An article in the World News section of the paper had a small mention of a law about to be passed in Brazil…
…and I quote:
“In a nation known for its jubilant spirit, massive parties and seemingly intrinsic ability to celebrate anything, is a constitutional amendment really required to protect the pursuit of happiness?
Several lawmakers think so, and a bill to amend Brazil’s constitution to make the search for happiness an inalienable right is expected to be approved soon by the Senate.”
Not only that, but Brazil is not the first country to push this officially; Japan and South Korea include the right to happiness in their constitutions and the British government is spending a bloody fortune on a project to measure citizens’ well-being.
Of course, in 1776, the U.S. Declaration of Independence wrote about “life, liberty and the pursuit of happiness” so perhaps this recent development isn’t really news after all.
Legislation allowing people to be happy? WOW! Really? This seems kinda’ sad.
Do we actually need permission, laws, telling us it’s okay to pursue an “inalienable” right? Doesn’t “inalienable” mean that it is not subject to forfeiture, repudiation, or transfer to another?
As I think about society, the people I come into contact with on a daily basis, even if only superficially, I’m not sure I hear any laughter. Don’t people laugh any more? I’m thinking not so much. Statistics show that children laugh almost all the time, but by adulthood, we are barely even showing teeth. I wrote about this in an earlier blog; here is a quote from June 5th:
“Children smile 400 times a day on average…adults 15 times.
Children laugh 150 times a day…adults 6 times per day.
Children play between 4-6 hours a day…adults only 20 minutes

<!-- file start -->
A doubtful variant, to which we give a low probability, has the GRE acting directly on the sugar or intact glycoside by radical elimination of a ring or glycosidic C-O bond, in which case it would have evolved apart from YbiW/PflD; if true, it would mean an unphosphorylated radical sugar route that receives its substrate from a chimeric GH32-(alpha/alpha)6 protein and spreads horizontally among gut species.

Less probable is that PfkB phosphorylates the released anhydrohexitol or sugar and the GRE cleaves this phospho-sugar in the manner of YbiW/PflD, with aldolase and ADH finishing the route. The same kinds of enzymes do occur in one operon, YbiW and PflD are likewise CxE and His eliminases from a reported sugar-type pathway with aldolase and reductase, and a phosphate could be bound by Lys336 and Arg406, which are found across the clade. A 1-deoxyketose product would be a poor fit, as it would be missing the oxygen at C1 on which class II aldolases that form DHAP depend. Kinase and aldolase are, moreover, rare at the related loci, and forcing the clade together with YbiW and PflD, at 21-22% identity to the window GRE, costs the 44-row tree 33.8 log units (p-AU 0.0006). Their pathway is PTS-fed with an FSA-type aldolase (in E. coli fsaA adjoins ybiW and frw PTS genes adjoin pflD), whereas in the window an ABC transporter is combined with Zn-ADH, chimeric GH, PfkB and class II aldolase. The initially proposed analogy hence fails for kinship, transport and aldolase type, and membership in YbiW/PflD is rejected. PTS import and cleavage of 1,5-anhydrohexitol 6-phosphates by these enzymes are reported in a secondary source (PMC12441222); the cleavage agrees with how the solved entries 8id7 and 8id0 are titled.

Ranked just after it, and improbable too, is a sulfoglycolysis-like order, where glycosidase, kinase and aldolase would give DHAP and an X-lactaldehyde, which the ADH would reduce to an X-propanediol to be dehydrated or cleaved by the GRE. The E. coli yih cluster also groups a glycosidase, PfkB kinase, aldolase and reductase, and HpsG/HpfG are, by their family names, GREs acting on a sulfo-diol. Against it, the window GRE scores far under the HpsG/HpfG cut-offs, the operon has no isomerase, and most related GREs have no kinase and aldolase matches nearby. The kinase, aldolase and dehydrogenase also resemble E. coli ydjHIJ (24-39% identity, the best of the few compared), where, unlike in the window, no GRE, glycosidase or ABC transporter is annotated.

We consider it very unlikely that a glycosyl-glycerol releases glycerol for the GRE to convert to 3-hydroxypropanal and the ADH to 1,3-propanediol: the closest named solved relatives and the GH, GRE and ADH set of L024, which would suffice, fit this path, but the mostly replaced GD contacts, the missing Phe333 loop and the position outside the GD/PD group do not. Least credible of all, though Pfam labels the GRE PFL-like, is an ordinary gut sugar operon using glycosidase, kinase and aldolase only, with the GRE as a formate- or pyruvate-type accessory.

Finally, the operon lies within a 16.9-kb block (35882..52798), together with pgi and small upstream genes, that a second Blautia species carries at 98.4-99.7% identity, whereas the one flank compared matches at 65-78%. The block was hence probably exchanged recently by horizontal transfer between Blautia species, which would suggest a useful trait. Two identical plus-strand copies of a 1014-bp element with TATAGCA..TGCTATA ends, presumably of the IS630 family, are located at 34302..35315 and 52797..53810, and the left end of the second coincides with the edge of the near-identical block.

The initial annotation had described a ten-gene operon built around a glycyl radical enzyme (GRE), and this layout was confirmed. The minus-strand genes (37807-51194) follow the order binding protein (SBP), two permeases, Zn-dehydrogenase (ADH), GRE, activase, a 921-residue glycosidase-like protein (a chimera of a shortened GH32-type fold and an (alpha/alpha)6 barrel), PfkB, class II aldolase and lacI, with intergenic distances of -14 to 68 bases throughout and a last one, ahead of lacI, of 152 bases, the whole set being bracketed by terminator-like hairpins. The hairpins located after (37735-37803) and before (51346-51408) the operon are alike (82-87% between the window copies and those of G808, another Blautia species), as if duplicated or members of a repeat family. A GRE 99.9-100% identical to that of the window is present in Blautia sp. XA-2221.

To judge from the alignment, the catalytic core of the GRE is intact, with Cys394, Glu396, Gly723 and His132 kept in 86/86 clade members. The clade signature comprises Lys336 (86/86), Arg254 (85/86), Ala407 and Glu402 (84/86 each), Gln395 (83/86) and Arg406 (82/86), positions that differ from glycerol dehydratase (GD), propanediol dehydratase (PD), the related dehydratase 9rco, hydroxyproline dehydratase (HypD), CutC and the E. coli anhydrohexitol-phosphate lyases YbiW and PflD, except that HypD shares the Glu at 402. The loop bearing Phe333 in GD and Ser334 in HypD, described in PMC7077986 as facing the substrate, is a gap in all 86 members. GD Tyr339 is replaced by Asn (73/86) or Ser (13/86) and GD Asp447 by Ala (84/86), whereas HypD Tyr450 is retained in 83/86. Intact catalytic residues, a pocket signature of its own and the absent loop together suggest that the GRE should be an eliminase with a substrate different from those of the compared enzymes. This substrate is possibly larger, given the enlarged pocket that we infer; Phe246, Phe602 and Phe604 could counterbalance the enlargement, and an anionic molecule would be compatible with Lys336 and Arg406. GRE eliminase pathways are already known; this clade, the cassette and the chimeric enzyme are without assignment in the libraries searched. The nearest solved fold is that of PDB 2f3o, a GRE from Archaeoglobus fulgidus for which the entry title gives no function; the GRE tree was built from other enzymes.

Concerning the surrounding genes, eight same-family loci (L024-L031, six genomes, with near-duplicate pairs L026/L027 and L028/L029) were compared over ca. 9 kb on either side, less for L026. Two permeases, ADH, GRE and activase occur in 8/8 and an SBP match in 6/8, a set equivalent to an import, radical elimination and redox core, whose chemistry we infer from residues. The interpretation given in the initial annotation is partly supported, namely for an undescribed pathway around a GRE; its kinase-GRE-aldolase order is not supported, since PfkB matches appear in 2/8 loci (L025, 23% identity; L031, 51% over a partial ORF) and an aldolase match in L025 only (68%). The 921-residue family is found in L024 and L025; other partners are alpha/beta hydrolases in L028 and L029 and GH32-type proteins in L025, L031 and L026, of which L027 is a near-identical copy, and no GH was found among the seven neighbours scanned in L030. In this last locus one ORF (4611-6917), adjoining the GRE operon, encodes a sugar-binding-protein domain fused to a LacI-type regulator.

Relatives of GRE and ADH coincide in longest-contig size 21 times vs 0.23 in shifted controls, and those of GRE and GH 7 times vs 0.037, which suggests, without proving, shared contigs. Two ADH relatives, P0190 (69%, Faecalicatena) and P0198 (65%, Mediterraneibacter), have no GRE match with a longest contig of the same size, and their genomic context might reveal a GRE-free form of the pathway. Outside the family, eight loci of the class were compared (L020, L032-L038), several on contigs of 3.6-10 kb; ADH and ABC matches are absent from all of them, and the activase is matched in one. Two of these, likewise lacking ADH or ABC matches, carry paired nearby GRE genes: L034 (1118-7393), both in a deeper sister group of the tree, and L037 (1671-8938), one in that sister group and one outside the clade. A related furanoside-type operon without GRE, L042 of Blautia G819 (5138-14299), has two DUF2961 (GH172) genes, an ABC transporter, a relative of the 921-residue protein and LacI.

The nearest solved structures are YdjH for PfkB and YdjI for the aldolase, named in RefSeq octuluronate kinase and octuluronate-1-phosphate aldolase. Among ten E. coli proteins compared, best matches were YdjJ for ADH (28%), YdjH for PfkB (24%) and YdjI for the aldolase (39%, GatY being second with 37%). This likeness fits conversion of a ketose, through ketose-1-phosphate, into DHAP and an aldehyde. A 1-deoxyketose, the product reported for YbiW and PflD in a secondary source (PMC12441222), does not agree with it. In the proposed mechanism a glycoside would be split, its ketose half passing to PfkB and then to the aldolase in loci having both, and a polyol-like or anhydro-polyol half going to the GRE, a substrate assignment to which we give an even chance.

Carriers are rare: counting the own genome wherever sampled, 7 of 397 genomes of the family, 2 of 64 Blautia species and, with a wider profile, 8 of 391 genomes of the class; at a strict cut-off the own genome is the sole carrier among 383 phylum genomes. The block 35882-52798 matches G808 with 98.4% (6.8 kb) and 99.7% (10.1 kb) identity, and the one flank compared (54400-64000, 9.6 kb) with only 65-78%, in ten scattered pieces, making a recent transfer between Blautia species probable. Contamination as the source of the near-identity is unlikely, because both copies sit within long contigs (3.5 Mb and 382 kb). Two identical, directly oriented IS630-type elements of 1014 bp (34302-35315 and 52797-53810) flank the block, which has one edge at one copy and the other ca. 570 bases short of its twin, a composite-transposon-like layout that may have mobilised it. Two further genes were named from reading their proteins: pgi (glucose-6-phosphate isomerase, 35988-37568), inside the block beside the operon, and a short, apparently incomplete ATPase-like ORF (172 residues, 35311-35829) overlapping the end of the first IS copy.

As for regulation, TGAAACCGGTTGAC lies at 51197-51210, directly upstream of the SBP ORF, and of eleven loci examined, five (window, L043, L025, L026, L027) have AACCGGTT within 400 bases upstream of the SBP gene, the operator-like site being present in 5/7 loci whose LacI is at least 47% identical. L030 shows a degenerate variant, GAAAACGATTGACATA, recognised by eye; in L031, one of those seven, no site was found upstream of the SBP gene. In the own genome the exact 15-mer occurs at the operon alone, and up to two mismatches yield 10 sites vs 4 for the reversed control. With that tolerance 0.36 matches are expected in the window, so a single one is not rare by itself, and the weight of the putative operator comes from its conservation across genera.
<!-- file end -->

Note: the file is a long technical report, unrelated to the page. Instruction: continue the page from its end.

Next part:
Robert Holden (from ‘Living Wonderfully’)
I believe this happens because we have lost the belief that we deserve to be happy. What if we knew that our only purpose, as decreed by The Universe, Divine Intelligence, God, whatever you believe runs the place, was to live in a state of happiness? Brene Brown says we need “The courage to be imperfect.” Only because we feel we are flawed – the original sin concept in Christian religion – do we believe that we need to punish ourselves by withholding happiness from our lives. What if we got over that notion? WOW! Would life be good, or what?
But isn’t our mind already made up? And if so, can it be changed? Richard J. Davidson, a pre-eminent researcher on the topic of Neuroplasticity, defines that term as “The brain being the organ built to change in response to experience.” If experience does change the brain because it is malleable, then we need to provide the brain with experiences that change it in the way we want it to move. We need to understand that we are in charge of our brain, not the other way round.
Many protocols help with this process of brain change: daily affirmations, meditation, surrounding yourself with people who live with gusto and good energy, smiling even if you don’t feel like it (fake it ’til you make it) and exercise. WOW!…physical exercise is better for brain health than cognitive exercise because it changes the building blocks for brain growth, allowing new neurons to be born. (Google NPR audio on physical exercise and brain growth – hippocampus – for a good listen on this study.) The study showed that in a control group of unfit people, 40 minutes of walking three times a week was enough to stimulate brain growth.
Bottom line: quit your stinkin’ thinkin’ as Paul Chek always says!
Go to this link for an absolutely beautiful experience that might just change your way of thinking and your life so you don’t have to chase happiness…you will have created it.